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Study: Warming Makes US West Megadrought Worst In Modern Age

In this July 16, 2014 file photo, what was once a marina sits high and dry due to Lake Mead receding in the Lake Mead National Recreation Area in Arizona.
John Locher / AP
In this July 16, 2014 file photo, what was once a marina sits high and dry due to Lake Mead receding in the Lake Mead National Recreation Area in Arizona.

A two-decade-long dry spell that has parched much of the western United States is turning into one of the deepest megadroughts in the region in more than 1,200 years, a new study found.

And about half of this historic drought can be blamed on man-made global warming, according to a study in Thursday’s journal Science.

Scientists looked at a nine-state area from Oregon and Wyoming down through California and New Mexico, plus a sliver of southwestern Montana and parts of northern Mexico. They used thousands of tree rings to compare a drought that started in 2000 and is still going — despite a wet 2019 — to four past megadroughts since the year 800.


With soil moisture as the key measurement, they found only one other drought that was as big and was likely slightly bigger. That one started in 1575, just 10 years after St. Augustine, the first European city in the United States, was founded, and that drought ended before the Pilgrims landed on Plymouth Rock in 1620.

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What’s happening now is “a drought bigger than what modern society has seen,” said study lead author A. Park Williams, a bioclimatologist at Columbia University.

Daniel Swain, a UCLA climate scientist who wasn’t part of the study, called the research important because it provides evidence “that human-caused climate change transformed what might have otherwise been a moderate long-term drought into a severe event comparable to the ‘megadroughts’ of centuries past.”

What’s happening is that a natural but moderate drought is being worsened by temperatures that are 2.9 degrees Fahrenheit (1.6 degrees Celsius) hotter than the past and that suck moisture out of the ground, Williams said. It’s much like how clothes and plants dry faster in the warmth of indoors than they do outside, he said.


To quantify the role of global warming, researchers used 31 computer models to compare what’s happening now to what would happen in a mythical world without the burning of fossil fuels that spews billions of tons of heat-trapping gases. They found on average that 47% of the drought could be blamed on human-caused climate change.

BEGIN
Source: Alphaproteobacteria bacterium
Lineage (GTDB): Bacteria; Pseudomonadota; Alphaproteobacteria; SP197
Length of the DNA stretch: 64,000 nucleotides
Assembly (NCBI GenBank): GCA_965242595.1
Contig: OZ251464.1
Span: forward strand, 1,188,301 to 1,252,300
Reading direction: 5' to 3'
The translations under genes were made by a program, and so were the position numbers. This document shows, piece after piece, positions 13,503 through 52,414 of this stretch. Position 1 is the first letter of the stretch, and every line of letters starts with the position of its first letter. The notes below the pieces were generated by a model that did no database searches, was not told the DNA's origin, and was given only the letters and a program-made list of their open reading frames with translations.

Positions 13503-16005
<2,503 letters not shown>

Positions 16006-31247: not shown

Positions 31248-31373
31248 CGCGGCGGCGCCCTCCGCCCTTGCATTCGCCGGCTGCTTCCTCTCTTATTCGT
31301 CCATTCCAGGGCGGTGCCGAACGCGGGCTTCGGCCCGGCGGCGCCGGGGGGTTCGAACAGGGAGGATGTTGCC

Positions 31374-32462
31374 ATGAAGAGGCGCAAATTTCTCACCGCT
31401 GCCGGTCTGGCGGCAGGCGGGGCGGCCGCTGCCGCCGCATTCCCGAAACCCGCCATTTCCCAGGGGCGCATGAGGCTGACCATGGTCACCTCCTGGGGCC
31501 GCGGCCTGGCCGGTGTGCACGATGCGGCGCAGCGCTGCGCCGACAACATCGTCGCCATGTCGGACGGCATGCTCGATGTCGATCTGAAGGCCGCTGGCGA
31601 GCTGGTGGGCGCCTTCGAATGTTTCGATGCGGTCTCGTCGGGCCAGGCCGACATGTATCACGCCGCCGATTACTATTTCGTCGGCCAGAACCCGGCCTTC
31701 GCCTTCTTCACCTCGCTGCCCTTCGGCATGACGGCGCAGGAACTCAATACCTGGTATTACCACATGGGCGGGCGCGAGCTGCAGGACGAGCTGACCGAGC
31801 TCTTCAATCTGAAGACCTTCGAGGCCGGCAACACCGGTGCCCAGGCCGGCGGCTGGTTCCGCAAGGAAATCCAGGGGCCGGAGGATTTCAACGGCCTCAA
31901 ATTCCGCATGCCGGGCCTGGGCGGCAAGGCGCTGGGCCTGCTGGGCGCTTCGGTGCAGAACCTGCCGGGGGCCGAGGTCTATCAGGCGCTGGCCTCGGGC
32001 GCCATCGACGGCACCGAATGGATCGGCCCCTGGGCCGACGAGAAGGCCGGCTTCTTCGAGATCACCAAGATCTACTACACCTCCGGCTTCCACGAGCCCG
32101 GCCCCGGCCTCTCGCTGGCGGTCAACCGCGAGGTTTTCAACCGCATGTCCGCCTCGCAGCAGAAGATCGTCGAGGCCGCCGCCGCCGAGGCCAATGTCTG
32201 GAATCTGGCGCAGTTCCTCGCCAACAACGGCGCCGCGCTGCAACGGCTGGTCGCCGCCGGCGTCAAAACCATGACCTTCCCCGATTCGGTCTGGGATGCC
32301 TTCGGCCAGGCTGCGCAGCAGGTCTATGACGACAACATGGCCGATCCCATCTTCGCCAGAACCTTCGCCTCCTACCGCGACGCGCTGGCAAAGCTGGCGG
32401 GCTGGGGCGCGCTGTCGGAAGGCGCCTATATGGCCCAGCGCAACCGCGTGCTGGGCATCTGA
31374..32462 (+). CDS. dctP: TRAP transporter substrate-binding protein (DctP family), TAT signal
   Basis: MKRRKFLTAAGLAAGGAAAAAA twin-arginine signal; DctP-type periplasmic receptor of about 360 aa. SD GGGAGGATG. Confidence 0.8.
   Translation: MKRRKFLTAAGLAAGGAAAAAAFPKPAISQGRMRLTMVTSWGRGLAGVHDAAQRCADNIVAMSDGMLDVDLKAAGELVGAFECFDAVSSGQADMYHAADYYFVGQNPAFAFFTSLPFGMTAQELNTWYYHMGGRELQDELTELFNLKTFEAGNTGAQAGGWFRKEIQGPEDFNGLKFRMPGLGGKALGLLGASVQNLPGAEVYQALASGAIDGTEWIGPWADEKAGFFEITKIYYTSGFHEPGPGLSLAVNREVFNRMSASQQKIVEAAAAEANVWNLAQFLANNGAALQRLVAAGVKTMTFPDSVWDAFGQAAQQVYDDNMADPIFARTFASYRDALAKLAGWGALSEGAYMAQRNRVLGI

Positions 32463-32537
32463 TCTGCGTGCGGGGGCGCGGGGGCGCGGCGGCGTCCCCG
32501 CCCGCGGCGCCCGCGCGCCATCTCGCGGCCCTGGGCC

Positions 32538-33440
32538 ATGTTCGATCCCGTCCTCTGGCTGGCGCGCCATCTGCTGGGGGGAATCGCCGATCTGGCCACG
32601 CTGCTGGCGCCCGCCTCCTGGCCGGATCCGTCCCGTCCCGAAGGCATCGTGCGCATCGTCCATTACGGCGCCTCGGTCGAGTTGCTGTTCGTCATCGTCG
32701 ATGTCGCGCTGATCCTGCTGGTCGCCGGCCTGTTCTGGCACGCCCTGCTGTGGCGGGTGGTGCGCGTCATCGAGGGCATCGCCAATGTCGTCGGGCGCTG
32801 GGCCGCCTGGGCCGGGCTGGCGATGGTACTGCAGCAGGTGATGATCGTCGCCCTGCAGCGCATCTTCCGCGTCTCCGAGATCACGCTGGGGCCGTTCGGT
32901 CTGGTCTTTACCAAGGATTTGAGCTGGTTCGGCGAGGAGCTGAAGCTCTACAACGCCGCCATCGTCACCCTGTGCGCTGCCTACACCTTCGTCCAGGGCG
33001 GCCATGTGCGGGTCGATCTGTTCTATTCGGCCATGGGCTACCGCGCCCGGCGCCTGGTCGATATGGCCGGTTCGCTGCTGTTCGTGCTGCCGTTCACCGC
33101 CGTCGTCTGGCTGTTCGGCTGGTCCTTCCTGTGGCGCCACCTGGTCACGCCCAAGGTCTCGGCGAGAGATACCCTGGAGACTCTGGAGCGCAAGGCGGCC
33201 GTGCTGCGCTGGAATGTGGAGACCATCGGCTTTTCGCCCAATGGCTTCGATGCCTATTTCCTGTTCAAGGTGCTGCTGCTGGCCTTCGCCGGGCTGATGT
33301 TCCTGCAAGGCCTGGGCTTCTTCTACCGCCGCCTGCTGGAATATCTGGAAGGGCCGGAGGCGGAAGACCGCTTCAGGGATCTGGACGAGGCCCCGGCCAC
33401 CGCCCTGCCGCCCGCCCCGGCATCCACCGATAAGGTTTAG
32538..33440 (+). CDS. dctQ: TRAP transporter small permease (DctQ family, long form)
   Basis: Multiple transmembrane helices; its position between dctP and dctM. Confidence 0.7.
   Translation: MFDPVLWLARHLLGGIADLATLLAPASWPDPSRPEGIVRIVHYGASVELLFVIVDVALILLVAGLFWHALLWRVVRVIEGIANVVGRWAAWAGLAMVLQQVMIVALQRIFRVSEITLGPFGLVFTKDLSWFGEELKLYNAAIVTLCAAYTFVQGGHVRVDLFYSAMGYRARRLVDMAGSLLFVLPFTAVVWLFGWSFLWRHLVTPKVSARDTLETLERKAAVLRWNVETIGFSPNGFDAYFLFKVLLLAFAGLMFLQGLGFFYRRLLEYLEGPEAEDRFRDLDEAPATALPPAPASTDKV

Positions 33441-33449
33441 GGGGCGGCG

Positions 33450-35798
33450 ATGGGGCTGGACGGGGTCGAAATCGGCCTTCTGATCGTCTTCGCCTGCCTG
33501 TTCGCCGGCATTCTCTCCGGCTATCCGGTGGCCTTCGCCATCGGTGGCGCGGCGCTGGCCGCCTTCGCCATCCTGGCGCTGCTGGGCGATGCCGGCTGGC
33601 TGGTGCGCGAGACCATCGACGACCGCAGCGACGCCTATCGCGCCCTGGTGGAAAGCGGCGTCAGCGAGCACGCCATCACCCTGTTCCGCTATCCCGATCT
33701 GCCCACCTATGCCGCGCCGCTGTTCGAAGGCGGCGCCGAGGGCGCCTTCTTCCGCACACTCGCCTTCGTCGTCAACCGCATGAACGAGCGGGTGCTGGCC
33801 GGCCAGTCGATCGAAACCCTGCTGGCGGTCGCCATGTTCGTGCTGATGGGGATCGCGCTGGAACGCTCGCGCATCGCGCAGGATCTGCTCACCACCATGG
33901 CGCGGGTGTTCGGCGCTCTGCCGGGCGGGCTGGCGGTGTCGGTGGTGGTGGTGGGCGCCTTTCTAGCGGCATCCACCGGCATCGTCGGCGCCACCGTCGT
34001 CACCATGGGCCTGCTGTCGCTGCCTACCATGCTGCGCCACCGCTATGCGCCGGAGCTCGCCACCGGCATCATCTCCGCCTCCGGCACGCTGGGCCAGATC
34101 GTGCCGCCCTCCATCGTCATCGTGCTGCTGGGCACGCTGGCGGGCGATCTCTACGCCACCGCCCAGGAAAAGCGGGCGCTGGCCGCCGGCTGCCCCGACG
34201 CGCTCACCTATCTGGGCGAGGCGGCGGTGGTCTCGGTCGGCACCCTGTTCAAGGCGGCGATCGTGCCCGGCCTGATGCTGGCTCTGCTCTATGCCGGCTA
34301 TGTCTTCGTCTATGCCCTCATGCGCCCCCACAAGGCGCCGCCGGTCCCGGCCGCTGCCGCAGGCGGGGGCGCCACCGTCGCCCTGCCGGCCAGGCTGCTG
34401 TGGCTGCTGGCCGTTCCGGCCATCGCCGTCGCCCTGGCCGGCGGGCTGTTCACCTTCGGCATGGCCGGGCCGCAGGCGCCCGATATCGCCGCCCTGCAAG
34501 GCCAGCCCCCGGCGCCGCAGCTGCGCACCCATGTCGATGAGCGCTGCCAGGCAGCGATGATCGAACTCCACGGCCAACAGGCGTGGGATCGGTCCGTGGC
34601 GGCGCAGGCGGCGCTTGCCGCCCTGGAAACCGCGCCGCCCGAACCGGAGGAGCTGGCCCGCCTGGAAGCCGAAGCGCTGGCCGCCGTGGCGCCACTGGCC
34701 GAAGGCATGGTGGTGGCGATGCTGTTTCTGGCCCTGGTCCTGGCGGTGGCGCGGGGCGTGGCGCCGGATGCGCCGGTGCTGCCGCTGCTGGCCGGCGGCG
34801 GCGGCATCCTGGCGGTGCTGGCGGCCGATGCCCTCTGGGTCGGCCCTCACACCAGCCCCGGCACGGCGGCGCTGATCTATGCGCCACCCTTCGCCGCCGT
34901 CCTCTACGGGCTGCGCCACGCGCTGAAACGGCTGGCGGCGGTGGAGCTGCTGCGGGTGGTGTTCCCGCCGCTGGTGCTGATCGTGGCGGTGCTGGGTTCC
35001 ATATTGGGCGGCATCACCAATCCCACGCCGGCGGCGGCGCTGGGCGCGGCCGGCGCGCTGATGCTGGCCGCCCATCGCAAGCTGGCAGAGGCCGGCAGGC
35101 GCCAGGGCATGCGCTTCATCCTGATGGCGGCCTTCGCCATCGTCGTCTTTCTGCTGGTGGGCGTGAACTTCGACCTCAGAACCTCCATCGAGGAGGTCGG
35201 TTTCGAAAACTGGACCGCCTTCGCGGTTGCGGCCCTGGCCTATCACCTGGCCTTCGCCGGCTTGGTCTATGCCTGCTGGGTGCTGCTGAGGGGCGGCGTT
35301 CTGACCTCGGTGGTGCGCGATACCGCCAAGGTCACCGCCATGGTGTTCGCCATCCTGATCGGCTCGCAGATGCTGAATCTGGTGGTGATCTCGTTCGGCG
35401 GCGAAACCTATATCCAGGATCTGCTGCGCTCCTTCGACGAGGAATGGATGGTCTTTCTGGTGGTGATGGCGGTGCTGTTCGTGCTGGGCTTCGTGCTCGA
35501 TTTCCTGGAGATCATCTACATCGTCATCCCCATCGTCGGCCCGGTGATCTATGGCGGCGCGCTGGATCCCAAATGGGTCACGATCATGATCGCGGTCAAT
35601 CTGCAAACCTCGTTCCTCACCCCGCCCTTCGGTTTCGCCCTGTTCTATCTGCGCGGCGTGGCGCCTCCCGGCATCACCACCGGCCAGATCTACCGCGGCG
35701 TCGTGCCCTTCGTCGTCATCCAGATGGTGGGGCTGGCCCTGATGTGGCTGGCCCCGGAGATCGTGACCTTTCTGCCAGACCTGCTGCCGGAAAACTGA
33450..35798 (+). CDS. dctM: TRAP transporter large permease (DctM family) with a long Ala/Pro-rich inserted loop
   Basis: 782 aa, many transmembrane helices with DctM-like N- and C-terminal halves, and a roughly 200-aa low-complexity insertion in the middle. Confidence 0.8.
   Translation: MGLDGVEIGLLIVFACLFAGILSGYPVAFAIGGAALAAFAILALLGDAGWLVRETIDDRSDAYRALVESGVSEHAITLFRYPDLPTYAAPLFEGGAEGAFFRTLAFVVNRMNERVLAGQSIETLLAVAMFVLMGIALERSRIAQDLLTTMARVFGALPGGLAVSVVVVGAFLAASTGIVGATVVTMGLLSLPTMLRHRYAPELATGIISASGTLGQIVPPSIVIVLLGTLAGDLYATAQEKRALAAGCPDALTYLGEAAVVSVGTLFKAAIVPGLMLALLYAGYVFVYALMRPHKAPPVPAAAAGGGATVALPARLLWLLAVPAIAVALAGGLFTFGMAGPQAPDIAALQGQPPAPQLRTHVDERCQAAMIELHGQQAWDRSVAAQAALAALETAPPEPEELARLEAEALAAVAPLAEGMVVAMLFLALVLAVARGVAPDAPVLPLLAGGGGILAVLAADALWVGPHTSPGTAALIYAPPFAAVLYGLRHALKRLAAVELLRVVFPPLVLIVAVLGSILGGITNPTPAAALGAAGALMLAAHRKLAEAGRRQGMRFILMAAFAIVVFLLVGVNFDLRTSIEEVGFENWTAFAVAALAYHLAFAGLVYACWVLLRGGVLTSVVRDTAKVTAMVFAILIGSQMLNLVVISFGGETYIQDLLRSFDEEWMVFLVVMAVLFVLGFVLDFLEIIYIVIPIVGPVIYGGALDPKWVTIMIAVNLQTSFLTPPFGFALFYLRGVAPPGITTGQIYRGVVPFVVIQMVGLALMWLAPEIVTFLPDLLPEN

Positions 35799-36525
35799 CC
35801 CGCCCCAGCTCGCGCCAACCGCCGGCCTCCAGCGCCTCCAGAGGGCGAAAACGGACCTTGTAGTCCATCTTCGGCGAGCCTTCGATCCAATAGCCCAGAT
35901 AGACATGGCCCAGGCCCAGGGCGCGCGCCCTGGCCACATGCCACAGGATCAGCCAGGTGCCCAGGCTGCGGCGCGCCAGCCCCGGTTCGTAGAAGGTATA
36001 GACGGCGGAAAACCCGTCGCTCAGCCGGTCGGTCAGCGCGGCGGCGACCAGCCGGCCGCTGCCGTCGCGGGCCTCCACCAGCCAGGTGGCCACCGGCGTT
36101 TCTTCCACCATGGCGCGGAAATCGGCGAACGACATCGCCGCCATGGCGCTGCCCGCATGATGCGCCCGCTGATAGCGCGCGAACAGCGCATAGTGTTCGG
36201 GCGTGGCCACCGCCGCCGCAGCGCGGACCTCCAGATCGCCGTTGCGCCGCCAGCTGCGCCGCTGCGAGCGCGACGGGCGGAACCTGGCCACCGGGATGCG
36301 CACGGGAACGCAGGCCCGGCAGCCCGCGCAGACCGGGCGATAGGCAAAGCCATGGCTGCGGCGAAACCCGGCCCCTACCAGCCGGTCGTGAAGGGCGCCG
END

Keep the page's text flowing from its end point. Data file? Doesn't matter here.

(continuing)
“We’ve been increasingly drifting into a world that’s getting dryer,” Williams said.

There’s debate among scientists over whether this current drought warrants the title “megadrought” because so far it has only lasted two decades and others are at least 28 years long.

Climate scientist Clara Deser at the National Center for Atmospheric Research, who wasn’t part of the study, said while the research is good, she thinks the deep drought has to last another decade or so to qualify as a “megadrought.”

Williams said he understands the concern and that’s why the study calls it “an emerging megadrought.”

“It’s still going on and it’s 21 years long,” Williams said. “This drought looks like one of the worst ones of the last millennium except for the fact that it hasn’t lasted as long.”

University of Michigan environment dean Jonathan Overpeck, who studies southwestern climate and was not part of the study, calls it “the first observed multidecadal megadrought in recorded U.S. history.”

Although last year was wet, past megadroughts have had wet years and the recent rain and snow was not nearly enough to make up for the deep drought years before, Williams said.

The U.S. drought monitor puts much of Oregon, California, Colorado, Utah and Nevada and good chunks of New Mexico, Arizona and Idaho in abnormally dry, moderate or severe drought conditions. Wyoming is the only state Williams studied that doesn’t have large areas of drought.

This week, water managers warned that the Rio Grande is forecast to have water flows less than half of normal, while New Mexico’s largest reservoir is expected to top out at about one-third of its 30-year average.

This is “what we can expect going forward in a world with continued global warming,” said Stanford University climate scientist Noah Diffenbaugh, who wasn’t part of the study.